Mike Sullivan wants to keep it simple. And his players, clearly, are fine with that.
Following the Penguins’ commanding 5-2 win over Toronto Tuesday night at PPG Paints Arena, Sullivan talked of the team’s ability to play a simplistic game, no matter who is in the lineup. Pittsburgh won the game without star center Evgeni Malkin, a late scratch due to illness.
“When key players go down, like (Malkin), or (Sidney Crosby) or (Kris Letang), or guys that we really rely on night in and night out, if they’re not in our lineup, I think everybody understands that we all need to step up as a group, to fill that void,” Sullivan said.
“You don’t just replace those guys, but what you can do is you can simplify your game and you can work together as a group and be hard to play against to give yourself a chance to win.”
The proof is in the Metropolitan division pudding. The Penguins have climbed to the top of the standings despite being one of the NHL’s most frequently injured teams.
“We’re definitely pleased with what we’ve done this year,” forward Bryan Rust said. “It’s a testament to every guy in this room and guys who were in this room when there were more injuries and went back down (to the minors) or who are elsewhere.
“We have, what, 24 more games here to keep climbing and try to get higher in the standings in terms of the whole Eastern Conference, or just try to keep building our game.”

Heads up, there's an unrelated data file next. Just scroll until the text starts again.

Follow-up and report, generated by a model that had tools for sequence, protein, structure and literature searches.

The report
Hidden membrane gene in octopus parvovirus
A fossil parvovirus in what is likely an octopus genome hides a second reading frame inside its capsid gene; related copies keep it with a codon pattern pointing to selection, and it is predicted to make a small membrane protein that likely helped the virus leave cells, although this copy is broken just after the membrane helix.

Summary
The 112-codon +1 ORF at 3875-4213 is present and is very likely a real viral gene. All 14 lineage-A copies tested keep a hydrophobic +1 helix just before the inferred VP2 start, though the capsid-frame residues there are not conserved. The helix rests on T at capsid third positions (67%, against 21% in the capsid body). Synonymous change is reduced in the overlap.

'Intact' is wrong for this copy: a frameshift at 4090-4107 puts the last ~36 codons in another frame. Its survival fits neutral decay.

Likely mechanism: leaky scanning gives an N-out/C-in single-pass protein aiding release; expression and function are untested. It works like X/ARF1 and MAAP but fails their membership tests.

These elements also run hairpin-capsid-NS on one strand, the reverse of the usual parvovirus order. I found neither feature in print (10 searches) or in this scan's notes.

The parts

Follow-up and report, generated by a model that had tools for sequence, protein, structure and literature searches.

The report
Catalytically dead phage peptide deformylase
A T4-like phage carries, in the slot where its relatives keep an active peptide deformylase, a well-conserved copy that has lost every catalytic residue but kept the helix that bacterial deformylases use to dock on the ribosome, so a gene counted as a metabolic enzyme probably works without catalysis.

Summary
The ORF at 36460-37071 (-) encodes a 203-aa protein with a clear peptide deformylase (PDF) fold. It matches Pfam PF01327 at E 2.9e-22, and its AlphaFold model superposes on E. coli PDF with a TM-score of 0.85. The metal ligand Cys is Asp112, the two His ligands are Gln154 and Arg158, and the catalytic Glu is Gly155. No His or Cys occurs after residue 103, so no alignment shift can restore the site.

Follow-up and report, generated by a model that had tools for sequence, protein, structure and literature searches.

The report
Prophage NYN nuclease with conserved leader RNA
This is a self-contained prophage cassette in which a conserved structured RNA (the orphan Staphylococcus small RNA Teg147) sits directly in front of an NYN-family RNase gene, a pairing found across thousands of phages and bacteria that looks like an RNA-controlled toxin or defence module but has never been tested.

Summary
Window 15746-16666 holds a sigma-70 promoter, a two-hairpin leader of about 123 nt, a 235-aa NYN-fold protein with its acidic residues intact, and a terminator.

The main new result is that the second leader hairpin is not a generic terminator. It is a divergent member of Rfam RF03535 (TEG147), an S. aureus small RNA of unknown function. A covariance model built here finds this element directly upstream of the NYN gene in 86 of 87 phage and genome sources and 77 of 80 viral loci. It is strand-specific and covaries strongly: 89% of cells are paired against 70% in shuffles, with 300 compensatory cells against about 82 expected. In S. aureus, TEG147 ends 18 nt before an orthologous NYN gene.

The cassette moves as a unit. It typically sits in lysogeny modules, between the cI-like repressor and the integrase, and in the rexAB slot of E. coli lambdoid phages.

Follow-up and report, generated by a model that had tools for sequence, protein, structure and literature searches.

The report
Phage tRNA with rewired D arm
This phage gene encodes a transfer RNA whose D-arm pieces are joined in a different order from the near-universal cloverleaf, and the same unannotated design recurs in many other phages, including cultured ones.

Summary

The Penguins have dealt with too many key injuries to count at this point. Malkin’s absence, while significant, pales in comparison to the games lost for Crosby, who missed over two monthhs, or Jake Guentzel and Brian Dumoulin — who both remain out — and numerous others.
But keeping the game structured, and physical, is why Sullivan is likely in the driver’s seat for the Jack Adams award, presented to the NHL’s top coach.
“I feel like we’ve just played a certain way that’s been working for us,” forward Jared McCann said. “We’ve been playing well defensively. Obviously we’ve had a game or two where wee haven’t been great, but as the whole season turns out, we’ve been playing great defensively and sticking to our plan.”
“When we play the game the right way, when we’re hard on pucks, we forecheck and we play in their face, it really doesn’t matter what they do to us,” winger Patric Hornqvist added.
Finishing atop the division is something the Penguins, despite their success, haven’t done since the 2013-2014 season. Not getting home ice early in the postseason was magnified a year ago, when Pittsburgh got off to a slow start against the Islanders and were eventually swept out of the playoffs.
“We would love home-ice advantage,” McCann said. “We know, from the playoffs last year with the Islanders, that its good.”
Ultimately, that may come down to the ability of the team to buy into Sullivan’s preaching of simplicity.
And that definition varies per individual. For Crosby, simplistic also goes along with immense skill at both ends. For others, like Hornqvist, it’s playing a more intense form of the game. But, overall, it comes down to eliminating mistakes.
“Just simple plays,” McCann said. “Sometimes not making the cross-ice passes is the right play. Sometimes throwing it at the goalies pads or, even at the blue line, dumping the puck in, sometimes that’s the right play and it can turn out good for the team in the end.”
So far, it has.